Mouse embryos were electroporated at E11.5 and sacrificed at E14.5. Embryonic brains were excised and embedded in 3% low melt agarose (SIGMA, Type VII) and sectioned (coronal, 200μm) using a Vibrotome (Leica VT1000S). Slices were laid on a Millicell culture insert (Millipore) and cultured in Neurobasal medium (supplemented with 1% penicillin-streptomycin, 1% glutamine, N2, B27, and 5% horse serum) at 37°C for 1 hr. Thereafter, brain sections were viewed through a 20X objective (NA 0.75) of a Nikon inverted microscope linked to a DeltaVision deconvolution-imaging system (Applied Precision). Images were collected every 10 min for 6-8 hr.
For cryosections, brain slices were incubated in blocking solution (2% goat serum, 0.2% Triton X-100 in PBS) for 1 hr at room temperature. For BrdU staining, brain sections were incubated in 4N HCl solution for 2 hr at room temperature to unmask the antigen, followed by three washes in PBS. Subsequently, brain sections were blocked and incubated in primary antibodies diluted in blocking solution for 2 hr at room temperature, or 24 hr at 4°C. Primary antibodies used were anti-Hook3 (kindly provided by H. Kramer), anti-nestin (Rat401, 1:500; BD Pharmingen), anti-Tuj1 (monoclonal, 1:1000, Covance), anti-pericentrin (monoclonal, 1:100, BD Biosciences), anti-phospho histone H3 (polyclonal, 1:500, Upstate), anti-BrdU (monoclonal, 1:500, Dakocytomation), anti-Ki67 (poluclonal, 1:500, Neomarkers), anti-α-tubulin (1:1000, Sigma T5168), anti-PCM1 (polyclonal, 1:500, kindly provided by A. Merdes), anti-GFP (Chicken polyclonal, 1:1000, Aves Labs). Sections were then washed three times with PBS and incubated with secondary antibody against goat IgG conjugated to cy2, or cy3, or cy5 (1:500, Jackson ImmunoResearch), followed by staining with Hoechst 33258 (Sigma). Sections were mounted with Antifade reagent (Invitrogen) for fluorescence microscopy.
N2A cells were cotransfected with Venus and the indicated plasmids, and sorted by FACS to enrich for GFP positive cells the following day. Cells were fixed after a 2 day recovery period. For conventional EM, cells were fixed in 2.5% paraformaldehyde and 2.5% glutaraldehyde in PBS PH 7.4 for 10 min at room temperature, followed by three washes in PBS. Samples were then postfixed with 1% osmiumtetroxide/1.5% potassium ferrocyanide (in H2O) for 1 hour at room temperature in the dark, followed by three washes in water. Next, samples were incubated in 1% uranyl acetate (in H2O) for 30 min, and then dehydrated through an ethanol series, infiltrated in a 1:1 solution of propylene oxide and epon, and finally embedded in pure epon overnight at 60°C. Sections were prepared using an ultramicrotome (Reichert Ultracut –S), collected on Formvar-coated copper grids, post-stained at room temperature with 2% aqueous uranyl acetate, and treated with 0.2% lead citrate for 15 min.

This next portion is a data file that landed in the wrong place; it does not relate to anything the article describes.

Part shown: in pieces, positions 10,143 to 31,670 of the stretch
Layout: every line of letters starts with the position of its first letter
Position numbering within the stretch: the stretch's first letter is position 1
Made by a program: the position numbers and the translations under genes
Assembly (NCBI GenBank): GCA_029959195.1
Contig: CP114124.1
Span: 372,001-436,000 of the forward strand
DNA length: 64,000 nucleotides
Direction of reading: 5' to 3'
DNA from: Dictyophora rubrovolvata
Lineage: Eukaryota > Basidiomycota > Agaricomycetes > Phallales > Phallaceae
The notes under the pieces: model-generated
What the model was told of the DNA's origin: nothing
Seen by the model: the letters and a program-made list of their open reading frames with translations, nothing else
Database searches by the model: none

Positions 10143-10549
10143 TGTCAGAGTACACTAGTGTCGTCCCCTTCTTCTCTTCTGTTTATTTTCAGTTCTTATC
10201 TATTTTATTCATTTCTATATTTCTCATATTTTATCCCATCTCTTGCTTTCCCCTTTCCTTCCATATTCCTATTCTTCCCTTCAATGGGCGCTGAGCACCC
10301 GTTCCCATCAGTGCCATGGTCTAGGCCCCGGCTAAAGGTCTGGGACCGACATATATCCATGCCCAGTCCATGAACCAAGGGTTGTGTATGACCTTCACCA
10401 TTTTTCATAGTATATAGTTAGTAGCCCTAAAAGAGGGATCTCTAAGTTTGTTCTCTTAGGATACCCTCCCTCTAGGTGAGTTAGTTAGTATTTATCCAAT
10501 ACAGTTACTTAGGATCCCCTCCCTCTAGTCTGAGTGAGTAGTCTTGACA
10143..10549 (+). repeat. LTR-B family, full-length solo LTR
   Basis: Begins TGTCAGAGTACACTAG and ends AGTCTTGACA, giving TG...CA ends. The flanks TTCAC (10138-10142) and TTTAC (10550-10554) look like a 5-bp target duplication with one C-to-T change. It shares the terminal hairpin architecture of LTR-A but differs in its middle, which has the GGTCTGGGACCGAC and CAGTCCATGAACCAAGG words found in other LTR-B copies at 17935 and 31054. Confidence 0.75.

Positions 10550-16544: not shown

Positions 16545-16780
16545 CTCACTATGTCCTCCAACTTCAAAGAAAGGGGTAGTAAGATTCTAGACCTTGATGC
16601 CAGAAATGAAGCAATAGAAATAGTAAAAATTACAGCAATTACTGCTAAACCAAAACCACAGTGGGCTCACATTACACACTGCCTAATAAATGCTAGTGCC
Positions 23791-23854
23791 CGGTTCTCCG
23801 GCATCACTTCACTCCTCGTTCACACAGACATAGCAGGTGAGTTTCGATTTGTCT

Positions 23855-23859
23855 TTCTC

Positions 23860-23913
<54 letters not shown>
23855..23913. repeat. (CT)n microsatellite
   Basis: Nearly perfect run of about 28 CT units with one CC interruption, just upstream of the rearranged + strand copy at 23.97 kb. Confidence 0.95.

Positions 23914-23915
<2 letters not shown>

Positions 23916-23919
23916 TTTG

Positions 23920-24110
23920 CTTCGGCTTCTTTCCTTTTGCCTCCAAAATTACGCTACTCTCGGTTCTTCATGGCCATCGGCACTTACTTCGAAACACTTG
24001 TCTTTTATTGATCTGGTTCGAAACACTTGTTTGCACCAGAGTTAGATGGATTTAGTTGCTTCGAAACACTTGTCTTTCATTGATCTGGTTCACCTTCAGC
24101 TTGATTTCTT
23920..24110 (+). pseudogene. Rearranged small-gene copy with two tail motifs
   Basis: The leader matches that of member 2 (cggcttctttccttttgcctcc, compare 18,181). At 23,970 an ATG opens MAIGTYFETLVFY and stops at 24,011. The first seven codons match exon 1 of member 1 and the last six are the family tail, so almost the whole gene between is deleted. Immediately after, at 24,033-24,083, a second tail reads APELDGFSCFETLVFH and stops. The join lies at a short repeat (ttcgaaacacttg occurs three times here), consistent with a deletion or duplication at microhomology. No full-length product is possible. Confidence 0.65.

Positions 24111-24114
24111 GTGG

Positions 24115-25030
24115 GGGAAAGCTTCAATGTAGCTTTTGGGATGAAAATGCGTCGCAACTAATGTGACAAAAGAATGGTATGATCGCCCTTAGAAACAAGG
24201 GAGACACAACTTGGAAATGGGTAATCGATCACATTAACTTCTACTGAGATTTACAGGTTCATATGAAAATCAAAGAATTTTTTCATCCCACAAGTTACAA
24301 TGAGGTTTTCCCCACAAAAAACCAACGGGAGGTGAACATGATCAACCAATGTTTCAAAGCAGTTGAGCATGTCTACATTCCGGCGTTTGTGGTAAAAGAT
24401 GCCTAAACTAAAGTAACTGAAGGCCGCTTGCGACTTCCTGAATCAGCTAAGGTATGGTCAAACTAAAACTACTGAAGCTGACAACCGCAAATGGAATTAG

For immuno-gold staining, cells were fixed in 4% paraformaldehyde in PBS for 10 min at room temperature, and permeabilized in 0.2% Triton X-100 in PBS for 10 min at room temperature. Samples were then blocked in 1% BSA in PBS for 30 min, and incubated in primary antibody (Rabbit anti-Hook3, 1:50; Rabbit anti-PCM1, 1:50) at 4°C overnight. After three washes in PBS, samples were incubated in 5nm colloidal gold-conjugated Protein A for 1-2 hr at room temperature. After 5 washes in PBS, samples were post-fixed in 2.5% glutaraldehyde in 0.1M cacodylate buffer pH7.4 for 0.5-1 hr. Samples were then processed as described above. Sections were observed and photographed on an electron microscope (Tecnai™ G2 Spirit BioTWIN).
NIH3T3 cells were transfected with venus-CDK5rap2 together with corresponding RNAis, and plated on glass-bottom dishes. FRAP was performed 3 days later with a Zeiss LSM 510 confocal microscope using a 63X water lens. A small region of interest of about 2μm in diameter centered on the centrosome was bleached with 10 iterations and 100% laser power (488-nm argon laser). Two images were captured before bleaching. After bleaching, images were taken every 2 seconds (488-nm argon laser at 2% power) over a 200 second period. At each time point, the fluorescence intensity of the photobleached area (P1) and an unbleached area of the same size in the cytoplasm were measured with LSM 510 software. Fluorescence intensity was normalized as B1/B2. Background fluorescence was defined as the normalized intensity of the first frame after photobleaching, and this value was subtracted from all frames to obtain the final fluorescence intensity of the ROI (Proi =B1/B2 - BI). Fluorescence recovery of a given time point was calculated as the final fluorescence intensity (Proi) divided by the final fluorescence intensity of the frame immediately prior to photobleaching.
We thank Dr. H. Kramer for providing the Hook3 antibody, Dr. A. Merdes for the PCM1 antibody and GFP-PCM1 construct, and Dr. M. Mogensen for the ninein antibody. We acknowledge Dr. Z. Xie, J. Buchman, K. Singh, T. Shu, and K Sanada for technical support, helpful discussion, and critical reading of the manuscript; M. Ericsson and L. Trakimas at the EM facility of Harvard Medical School for technical assistance. This work was supported by the NIH RO1 grant NS37007 to L.-H.T. L.-H. T. is an investigator of the Howard Hughes Medical Institute.